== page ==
Published February 26, 2013
Roughly the size of Delaware, the northernmost city in America has not only plenty of room, but lots to offer visitors in the state of the The Last Frontier. With permanently snow-covered peaks and a diverse wildlife, Anchorage is a beautiful city with impressive sites. Plan your stay carefully, as this large city has many exciting activities and unique views to see such as the Northern Lights. Pan for gold, step foot on a glacier and attend one of the many free festivals running year round. Only those with a sense of adventure are welcome.
5…Room to Roam
Tucked away at the very north of the Last Frontier, Anchorage is easily accessible with hundreds of flights landing at Ted Stevens Anchorage International Airport every day.
Between airfare, food and hotel costs, you want to enjoy yourself on vacation, not worry about how much you are spending. Luckily, many festivals and fairs are free in Anchorage. During the summer, attend the Anchorage Market and Festival every Saturday and Sunday. More than 300 vendors set up shop on seven acres of downtown Anchorage. Here you can watch street performers, listen to live music and purchase handmade Alaskan crafts. Clothes, keepsakes and souvenirs can be found at every price. Be sure to sample the different local and international cuisine the market offers. Salmon and fresh seafood is an obvious staple, but more traditional fair food like funnel cake can also be found.
3…Pan for Gold
Forgo your lottery ticket and test your luck panning for gold. Grab a gold pan, shovel and magnifying lens and start panning. Visit the historic Crow Creek Mine where miners of all levels are welcome to take part in search for gold. All equipment will be provided at a cost, and you can learn how to pan, sluice and hopefully strike it rich. Perhaps you will find enough gold to cover the admission price of $10 for an adult, free for children under seven.
After you’ve found enough gold, spend some time visiting the many museums in Anchorage. The Oscar Anderson House Museum in Elderberry Park is one of the first wooden structures in Anchorage and the only house museum in the city. Built in 1915, the house was turned into a museum in 1982 and is a great activity for families.
Another must-see museum is the Alaska Aviation Museum where visitors will learn about Alaska’s unique aviation history. Over thirty vintage aircrafts and various artifacts are on display. Experience what it is like to fly with their flight simulators and take an actual flight nearby Lakehood. Can’t make the trip? The museum’s website offers a limited virtual tour.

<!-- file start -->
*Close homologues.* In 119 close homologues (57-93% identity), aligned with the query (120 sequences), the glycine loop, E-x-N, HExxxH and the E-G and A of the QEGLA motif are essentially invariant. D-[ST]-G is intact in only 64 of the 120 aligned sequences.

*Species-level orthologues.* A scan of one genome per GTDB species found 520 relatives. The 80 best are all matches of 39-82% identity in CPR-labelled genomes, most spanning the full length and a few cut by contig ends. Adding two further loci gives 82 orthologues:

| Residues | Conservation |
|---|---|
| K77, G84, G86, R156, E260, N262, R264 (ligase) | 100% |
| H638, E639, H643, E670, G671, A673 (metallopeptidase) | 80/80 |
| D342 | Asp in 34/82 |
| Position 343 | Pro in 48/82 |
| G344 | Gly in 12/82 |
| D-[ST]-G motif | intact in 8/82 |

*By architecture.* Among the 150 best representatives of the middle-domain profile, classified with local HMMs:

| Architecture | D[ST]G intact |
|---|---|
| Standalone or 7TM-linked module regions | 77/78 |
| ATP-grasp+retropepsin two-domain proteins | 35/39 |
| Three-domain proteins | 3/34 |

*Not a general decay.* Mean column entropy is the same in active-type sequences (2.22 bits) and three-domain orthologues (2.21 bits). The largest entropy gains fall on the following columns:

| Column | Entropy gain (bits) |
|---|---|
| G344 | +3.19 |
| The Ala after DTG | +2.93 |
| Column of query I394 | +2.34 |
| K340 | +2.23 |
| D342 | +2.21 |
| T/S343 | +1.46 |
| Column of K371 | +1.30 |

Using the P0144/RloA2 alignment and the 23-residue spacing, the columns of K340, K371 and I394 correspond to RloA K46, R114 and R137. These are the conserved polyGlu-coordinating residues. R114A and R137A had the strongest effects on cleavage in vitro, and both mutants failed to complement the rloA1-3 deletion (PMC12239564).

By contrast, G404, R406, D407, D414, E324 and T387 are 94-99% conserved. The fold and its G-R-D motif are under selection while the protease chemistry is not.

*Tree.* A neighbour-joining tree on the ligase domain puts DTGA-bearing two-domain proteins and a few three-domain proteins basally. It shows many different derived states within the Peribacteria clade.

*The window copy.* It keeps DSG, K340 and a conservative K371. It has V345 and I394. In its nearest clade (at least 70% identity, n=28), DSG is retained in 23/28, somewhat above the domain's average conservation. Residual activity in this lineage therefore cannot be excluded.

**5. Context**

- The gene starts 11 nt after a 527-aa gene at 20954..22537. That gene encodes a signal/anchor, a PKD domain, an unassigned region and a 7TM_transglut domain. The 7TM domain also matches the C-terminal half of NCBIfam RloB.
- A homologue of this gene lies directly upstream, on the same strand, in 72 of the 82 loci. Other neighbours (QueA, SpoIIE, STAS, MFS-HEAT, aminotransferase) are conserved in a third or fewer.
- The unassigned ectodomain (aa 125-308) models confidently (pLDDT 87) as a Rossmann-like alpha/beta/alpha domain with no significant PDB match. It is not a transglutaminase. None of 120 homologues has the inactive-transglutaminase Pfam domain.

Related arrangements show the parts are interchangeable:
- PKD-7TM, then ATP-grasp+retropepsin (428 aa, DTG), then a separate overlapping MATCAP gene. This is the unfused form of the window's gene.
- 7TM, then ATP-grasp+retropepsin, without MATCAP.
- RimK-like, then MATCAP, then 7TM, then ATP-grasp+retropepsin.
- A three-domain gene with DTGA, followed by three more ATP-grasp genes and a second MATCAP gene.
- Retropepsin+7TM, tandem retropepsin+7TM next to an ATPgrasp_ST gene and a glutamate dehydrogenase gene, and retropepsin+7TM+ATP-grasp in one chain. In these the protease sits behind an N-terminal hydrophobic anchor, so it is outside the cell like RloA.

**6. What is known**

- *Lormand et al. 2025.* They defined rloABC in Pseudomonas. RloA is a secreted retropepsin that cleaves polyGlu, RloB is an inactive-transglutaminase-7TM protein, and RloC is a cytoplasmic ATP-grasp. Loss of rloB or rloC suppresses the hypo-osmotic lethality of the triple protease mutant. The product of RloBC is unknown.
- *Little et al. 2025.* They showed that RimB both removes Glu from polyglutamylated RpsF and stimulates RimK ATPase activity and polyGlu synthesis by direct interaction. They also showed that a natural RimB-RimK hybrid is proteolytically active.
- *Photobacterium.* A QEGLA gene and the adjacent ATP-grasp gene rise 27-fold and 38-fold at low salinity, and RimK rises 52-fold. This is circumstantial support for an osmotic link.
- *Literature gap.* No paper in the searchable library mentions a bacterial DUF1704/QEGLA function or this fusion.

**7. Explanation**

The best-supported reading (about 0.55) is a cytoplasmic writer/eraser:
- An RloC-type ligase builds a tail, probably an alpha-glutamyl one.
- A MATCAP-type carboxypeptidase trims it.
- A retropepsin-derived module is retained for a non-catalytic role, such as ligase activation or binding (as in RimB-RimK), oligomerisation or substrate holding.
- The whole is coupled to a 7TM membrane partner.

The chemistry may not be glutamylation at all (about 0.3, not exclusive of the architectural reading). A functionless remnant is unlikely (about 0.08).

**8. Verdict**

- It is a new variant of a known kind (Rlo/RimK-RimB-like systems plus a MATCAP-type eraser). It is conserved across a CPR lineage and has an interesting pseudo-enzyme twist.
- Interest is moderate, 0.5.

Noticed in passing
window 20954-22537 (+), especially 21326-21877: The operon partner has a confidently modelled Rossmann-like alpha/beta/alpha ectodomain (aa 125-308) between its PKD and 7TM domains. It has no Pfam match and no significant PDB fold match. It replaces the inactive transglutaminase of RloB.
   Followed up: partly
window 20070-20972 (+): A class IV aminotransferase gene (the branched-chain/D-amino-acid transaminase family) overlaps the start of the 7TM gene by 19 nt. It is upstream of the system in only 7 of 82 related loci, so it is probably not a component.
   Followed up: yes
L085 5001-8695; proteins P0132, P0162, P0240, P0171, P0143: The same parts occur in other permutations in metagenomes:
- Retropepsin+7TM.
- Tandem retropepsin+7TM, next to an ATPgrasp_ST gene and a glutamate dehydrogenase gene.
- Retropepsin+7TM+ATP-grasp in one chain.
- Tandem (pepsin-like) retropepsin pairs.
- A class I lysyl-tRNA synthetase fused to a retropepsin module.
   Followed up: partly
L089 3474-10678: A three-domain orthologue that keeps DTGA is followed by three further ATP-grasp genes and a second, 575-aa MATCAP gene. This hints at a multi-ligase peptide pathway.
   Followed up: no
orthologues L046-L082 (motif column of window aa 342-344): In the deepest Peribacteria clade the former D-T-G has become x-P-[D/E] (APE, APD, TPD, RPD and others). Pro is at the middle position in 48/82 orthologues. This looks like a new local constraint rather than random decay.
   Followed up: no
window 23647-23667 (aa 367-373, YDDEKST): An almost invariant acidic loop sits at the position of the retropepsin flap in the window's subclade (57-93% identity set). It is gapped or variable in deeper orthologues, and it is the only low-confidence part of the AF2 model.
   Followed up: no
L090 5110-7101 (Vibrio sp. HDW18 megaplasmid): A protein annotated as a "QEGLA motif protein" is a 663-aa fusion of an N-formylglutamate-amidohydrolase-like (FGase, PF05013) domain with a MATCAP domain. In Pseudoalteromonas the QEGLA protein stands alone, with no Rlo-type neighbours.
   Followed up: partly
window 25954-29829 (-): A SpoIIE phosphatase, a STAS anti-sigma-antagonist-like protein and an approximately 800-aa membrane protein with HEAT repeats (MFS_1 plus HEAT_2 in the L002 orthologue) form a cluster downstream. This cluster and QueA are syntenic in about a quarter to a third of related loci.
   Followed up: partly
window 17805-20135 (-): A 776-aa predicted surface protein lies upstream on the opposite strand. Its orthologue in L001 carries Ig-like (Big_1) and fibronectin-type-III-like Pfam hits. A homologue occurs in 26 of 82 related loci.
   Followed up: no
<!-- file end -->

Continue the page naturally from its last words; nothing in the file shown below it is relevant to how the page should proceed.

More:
2…Be Dazzled By the Northern Lights
The Northern Lights are a sight to be seen and if you are lucky enough to be at the right place at the right time you will be able to observe the astronomical phenomena. Electric, multi-colored pinks, greens, and blues light up the Alaskan night sky and can appear to be moving extremely fast. Fall, winter and spring at around midnight are ideal for viewing the Northern Lights. Another incredible, but rare site is the flight of the bald eagle. More common animals to be seen include moose, bears and caribou.
Also check out Portage Glacier, located roughly fifty miles southeast of Anchorage. Cruises sail down the Prince William Sound and those on board are able to catch a glimpse of the Alaskan glaciers and see mounds of ice crash into the water. Cruises can last up to one day so plan accordingly.
No trip to Anchorage is complete without participating in winter activities. The Iditarod Trail Sled Dog Race begins every year on the first Saturday in March. It stretches 1,049 miles long from Anchorage to Nome. Those leading the dogs are called Mushers and they head a team of sixteen dogs from start to finish. John Baker holds the record winning time for the race, taking only 8 days, 19 hours, 46 minutes and 39seconds to complete the race in 2011.